Problems problems....


To assuage worries the app is said to ensure anonymity. This then leaves the user free to make their own decision, without it seems any compulsion.

Then there are the people who cannot download apps or have problems using them, particularly the less tech-savvy elderly. In Singapore, the uptake of the official App was 17%.


Others may will not want to use it and some, no-doubt, will absolutely refuse. How will people with mild illness (potential super-spreaders) react when about to go to work to pay overdue bills or visit a loved ones not seen for ages when sent a text advising isolation for a week because of proximity to a stranger?

Further, how will we deal with the inevitable problems in a nation which unlike S Korea, is not know for its strict discipline? What will be the sanctions?

In addition to this, research is also showing that tests for COVID remain positive for far longer than a week. This means that effective isolation for cases, and by implication their family and contacts needs to be far longer than currently advised. Two weeks of isolation seemed to work in S Korea, though this was with a far more aggressively managed smaller outbreak. Research suggests it takes a median of three weeks from the onset of symptoms till the virus is cleared, and perhaps longer in the elderly. (More on this later)



Local Solutions.


There are other things that can be done.  Short term financial help would be of benefit, but I suspect would be very difficult to police. Those with symptoms would be well advised to call those with whom they have had contact for the last five days. Good citizenship should be encouraged. Encouragement of local activism and community teams might fill in the many gaps which any electronic wizardly would leave.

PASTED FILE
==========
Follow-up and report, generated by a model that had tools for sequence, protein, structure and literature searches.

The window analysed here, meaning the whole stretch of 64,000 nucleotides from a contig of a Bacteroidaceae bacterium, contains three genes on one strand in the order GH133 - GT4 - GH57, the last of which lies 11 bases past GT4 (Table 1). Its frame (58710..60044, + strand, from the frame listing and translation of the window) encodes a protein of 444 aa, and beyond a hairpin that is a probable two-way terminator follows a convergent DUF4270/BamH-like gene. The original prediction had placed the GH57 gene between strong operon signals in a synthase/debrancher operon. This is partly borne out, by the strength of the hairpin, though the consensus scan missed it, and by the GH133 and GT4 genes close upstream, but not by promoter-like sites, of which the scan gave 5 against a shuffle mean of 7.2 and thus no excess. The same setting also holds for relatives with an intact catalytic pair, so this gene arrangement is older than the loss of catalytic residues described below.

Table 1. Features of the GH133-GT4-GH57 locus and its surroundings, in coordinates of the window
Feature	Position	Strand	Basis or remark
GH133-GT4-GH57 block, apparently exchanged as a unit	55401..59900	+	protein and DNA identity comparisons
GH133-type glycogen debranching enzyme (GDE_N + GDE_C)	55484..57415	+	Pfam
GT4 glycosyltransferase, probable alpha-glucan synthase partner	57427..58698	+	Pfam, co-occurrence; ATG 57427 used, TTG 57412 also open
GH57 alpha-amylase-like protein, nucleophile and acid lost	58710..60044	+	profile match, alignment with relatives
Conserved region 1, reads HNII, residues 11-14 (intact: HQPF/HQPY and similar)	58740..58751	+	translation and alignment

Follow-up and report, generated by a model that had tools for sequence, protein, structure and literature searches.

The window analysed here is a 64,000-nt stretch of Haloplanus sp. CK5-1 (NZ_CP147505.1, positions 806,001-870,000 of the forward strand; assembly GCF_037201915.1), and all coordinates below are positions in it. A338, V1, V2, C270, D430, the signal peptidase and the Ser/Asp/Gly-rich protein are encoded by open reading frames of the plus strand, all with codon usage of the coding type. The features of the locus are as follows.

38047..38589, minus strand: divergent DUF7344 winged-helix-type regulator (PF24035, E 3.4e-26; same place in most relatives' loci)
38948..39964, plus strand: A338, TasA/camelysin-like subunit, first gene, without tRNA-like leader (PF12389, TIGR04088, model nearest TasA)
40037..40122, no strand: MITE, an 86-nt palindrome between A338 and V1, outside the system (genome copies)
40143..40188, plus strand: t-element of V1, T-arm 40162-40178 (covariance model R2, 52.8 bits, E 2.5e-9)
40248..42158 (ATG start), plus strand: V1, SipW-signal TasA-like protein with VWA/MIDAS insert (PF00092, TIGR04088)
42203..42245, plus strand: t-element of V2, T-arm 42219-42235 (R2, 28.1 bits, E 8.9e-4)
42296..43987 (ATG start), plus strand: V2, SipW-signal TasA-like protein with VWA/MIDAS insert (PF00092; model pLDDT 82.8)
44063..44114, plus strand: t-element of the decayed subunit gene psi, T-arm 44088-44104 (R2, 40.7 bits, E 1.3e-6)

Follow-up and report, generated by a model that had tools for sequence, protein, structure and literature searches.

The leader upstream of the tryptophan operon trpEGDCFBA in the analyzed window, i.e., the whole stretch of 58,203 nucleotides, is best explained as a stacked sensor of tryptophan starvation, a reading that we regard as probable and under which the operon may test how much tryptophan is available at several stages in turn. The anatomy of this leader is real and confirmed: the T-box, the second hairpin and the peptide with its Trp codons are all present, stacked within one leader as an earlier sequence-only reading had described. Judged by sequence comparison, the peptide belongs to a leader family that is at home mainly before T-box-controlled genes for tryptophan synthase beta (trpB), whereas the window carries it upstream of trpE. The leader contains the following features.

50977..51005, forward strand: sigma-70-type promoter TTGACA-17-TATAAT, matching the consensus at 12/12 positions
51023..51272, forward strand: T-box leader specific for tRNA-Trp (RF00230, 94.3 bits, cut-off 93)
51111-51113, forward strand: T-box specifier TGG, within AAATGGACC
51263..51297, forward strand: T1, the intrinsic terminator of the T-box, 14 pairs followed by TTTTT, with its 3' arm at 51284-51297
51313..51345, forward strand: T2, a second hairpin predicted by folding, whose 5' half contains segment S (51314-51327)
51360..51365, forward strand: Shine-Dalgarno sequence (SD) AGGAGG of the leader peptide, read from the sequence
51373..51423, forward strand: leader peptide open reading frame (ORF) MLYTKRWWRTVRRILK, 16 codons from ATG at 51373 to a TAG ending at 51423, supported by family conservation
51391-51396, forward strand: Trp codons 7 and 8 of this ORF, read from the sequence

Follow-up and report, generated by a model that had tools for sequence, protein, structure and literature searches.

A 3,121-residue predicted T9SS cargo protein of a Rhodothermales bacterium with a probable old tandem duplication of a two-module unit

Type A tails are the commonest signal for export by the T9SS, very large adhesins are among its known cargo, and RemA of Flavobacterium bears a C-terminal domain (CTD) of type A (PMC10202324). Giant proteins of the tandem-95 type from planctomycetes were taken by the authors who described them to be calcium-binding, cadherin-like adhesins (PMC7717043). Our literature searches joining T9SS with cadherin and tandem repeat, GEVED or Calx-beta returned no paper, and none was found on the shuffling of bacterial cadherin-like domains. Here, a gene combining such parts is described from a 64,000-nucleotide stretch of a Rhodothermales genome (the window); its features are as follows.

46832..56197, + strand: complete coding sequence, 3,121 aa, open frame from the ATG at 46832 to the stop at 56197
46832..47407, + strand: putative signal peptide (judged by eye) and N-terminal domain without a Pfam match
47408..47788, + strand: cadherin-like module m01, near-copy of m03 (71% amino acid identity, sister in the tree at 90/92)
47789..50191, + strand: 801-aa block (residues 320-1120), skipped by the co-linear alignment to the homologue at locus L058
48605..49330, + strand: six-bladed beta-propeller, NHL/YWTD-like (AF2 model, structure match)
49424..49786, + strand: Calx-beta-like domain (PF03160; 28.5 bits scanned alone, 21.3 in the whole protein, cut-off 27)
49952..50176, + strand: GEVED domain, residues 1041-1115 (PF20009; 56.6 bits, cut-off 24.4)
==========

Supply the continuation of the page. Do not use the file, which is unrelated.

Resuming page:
Community networks will be needed to contact and offer support to people infected but not unwell enough to need medical assistance. An excellent pilot is being run in Sheffield, and it could serve as a model for the rest of the country. 


While we all cross (and drum) our fingers while waiting for a vaccine, the imperative is to build up our local public health infrastructure to deal with this pandemic - and the next. I am worried that we are trying to do something unpredictable, which while I wish for its success, it might well not work - this is no time for experimentation.

The trial of the app is set to take place on the Isle of Wight. Yet as of the 18th April, there has only been 68 cases there in total. So it has already been relatively contained in that closed community. Would it have been better for the trial to have taken place in Tower Hamlets or anywhere in our big cities?



I still have my worries about arriving at 'herd-immunity by the back door' with widespread infection and resultant mortality spread over the next 18 months to two years. There remain plenty of unanswered questions.

Get the feeling of being guinea pigs? I do.